- Am I doing a PTP (point to point) or PTMP (Point to multi-point) link?
- Do I have clear line of sight to the other end/s?
- What equipment do I need to use?
PTP or PTMP?
This may seem like a trivial question but it is quite important. Depending on your answer to this question, all of the other questions will follow suit and be adapted to work for the answer. Must I cover a large number of connections coming back to a single point, or will there be individual links consisting of just two devices per link? PTMP topologies will generally achieve less bandwidth due to shared access to the wireless network.
Clear line of sight?While wireless connections seem like they can be achieved anywhere and through special cosmic magic, this is not the case. With all PTP or PTMP links, clear line of sight is essential for optimal performance and in many cases to establish any link at all.
“I can see the other end, so it should work, right?” Not exactly. While visual line of sight is necessary, making sure that there are no obstacles within the Fresnel zone will enhance link stability and performance. What is the Fresnel zone? It is a cylindrical ellipse drawn between a transmitter and receiver.
Basically, if there are obstructions within the Fresnel zone of a link, some or even all of the original signal is either lost due to reflections and absorption depending on the material in the way. You’ll want to keep this as clear as possible for the best results.
If clear line of sight is not possible, the best course of action would be to try to create links that would circumvent the obstacle to give you a clear line of sight from another angle.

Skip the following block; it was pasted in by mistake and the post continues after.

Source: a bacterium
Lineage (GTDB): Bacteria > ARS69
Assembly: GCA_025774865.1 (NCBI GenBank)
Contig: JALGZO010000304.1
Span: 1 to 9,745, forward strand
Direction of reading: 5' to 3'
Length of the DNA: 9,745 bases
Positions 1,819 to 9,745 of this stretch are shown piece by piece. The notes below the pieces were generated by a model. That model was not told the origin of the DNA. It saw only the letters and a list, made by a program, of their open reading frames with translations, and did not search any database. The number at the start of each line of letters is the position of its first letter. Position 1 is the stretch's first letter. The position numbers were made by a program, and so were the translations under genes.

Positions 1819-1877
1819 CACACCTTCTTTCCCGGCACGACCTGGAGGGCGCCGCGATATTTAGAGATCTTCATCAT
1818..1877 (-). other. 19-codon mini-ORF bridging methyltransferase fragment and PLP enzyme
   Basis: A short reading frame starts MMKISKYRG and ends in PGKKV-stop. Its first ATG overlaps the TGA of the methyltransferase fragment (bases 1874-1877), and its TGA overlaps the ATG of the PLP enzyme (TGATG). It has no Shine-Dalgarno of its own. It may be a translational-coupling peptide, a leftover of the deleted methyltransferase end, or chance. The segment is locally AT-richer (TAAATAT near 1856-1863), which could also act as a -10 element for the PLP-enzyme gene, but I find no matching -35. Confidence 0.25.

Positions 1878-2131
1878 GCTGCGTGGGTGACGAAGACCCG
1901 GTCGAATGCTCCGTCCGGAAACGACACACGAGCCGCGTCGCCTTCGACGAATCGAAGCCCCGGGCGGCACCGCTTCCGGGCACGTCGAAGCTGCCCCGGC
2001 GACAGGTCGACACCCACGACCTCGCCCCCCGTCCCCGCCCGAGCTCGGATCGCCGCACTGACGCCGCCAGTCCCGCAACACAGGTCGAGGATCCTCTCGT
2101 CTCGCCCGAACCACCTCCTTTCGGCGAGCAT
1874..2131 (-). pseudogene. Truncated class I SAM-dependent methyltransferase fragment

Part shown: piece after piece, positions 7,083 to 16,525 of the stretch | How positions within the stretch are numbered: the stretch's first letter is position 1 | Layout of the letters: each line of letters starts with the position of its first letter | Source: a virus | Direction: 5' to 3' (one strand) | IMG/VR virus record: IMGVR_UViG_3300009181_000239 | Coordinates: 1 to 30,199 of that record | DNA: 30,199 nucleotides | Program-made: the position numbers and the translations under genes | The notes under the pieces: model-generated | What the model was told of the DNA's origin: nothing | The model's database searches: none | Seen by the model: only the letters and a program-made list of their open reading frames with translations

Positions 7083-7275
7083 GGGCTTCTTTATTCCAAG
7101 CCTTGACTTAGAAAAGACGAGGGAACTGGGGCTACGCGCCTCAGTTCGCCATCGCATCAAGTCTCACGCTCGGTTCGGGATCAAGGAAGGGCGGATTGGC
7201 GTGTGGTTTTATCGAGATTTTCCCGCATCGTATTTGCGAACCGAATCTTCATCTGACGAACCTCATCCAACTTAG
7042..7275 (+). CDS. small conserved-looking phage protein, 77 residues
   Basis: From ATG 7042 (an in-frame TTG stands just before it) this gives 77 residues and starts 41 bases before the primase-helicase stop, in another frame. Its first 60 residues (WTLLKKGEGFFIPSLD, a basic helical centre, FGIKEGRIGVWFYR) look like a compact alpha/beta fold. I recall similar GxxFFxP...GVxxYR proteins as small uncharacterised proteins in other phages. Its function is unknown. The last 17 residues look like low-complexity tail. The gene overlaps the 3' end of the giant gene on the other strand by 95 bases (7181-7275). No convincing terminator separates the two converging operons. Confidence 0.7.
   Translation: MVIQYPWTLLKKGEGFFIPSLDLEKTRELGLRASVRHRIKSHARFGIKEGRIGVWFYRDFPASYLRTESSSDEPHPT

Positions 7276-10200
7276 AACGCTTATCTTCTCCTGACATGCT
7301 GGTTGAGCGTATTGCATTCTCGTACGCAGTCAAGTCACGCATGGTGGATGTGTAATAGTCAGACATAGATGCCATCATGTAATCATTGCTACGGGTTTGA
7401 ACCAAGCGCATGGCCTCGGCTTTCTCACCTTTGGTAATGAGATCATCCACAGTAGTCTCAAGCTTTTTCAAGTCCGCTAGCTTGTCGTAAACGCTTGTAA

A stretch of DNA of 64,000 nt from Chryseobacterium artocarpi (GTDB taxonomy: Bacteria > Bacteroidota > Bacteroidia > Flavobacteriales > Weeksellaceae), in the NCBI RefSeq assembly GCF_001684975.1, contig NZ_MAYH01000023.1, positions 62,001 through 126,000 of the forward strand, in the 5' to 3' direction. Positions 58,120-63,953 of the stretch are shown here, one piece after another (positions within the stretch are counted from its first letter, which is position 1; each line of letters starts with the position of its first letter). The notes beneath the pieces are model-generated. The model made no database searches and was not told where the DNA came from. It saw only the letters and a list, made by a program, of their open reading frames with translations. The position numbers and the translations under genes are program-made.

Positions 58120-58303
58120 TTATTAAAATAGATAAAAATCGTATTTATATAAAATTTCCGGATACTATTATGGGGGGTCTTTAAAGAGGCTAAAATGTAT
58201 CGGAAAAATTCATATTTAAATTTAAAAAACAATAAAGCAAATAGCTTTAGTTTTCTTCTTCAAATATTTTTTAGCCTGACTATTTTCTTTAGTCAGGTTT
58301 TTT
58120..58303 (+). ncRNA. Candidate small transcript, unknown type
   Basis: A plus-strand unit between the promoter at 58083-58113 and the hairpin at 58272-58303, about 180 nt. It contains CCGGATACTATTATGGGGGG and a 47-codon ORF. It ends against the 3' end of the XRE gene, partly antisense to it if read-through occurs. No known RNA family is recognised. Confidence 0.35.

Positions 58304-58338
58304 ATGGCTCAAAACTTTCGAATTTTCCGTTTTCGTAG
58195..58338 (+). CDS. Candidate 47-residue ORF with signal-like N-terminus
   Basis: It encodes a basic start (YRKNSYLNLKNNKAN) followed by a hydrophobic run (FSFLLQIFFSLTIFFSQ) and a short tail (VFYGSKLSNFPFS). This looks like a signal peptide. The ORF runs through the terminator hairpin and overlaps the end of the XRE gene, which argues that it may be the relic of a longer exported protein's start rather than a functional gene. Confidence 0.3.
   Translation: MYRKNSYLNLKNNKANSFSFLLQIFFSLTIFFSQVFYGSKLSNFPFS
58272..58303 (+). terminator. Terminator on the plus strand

What equipment do I need to use?For PTP links, narrower beam widths and higher gain antennas are preferred, such as larger dishes.
For PTMP, a wider spread beam width and TDMA-enabled radio is more important. The client-side devices would either be high gain directional antennas, or small CPE units depending on the distance from the sector.
As with any wireless link, using shared frequency spectrum, interference protection, and noise mitigation radios are recommended. This will help you achieve a clearer link between your connecting radios.
What distance can I achieve with product X or Y?This is one of the most common questions asked in the wireless industry. It is not possible to measure distance based on one side of a wireless link. To get an idea you would need to check the specifications of each radio and antenna located on each side of the link. As your distances increase, your performance typically decreases so it is usually recommended to use as high gain antenna as possible where high performance is necessary. Luckily there are many free online link calculators which can assist you with this evaluation.
What frequency do I use?
Choosing the frequency that will best cater to your networking needs is important. In a 2.4GHz high-interference environment where you need to do a PTMP setup, you will be less inclined to make use of 2.4GHz devices. Opting for something else in the 5GHz or even 60GHz range might be more beneficial to you.
In rural areas where there is less interference, but you need much longer range, then 2.4GHz might be a more viable option.
If the requirement is very high speed over short distances, then 60GHz could be the better option for your links.
In the event that you need something fast, but long range as well as free of interference, then going with a licensed band such as 11GHz might be a better choice. This does however come at an increased cost to keep running.
Tools to help you plan your links:Depending on the brand of devices that you would be using in your link, there is usually a link planner software or site that will help you make these decisions and plan out how you would position the equipment.
MikroTik Link Calculator
Both of the above are always being updated to provide accurate information and to keep up with the growing number of new devices available on the market. These are highly recommended for any installer.
Learn About Link PlanningIf you wish to learn more about link planning and other related topics we highly recommend attending our certified product-focused training courses.
Hopefully, this has been of some help to those looking to do new deployments out in the field and also something interesting to read for those who are not.
Blog post by Guy Perry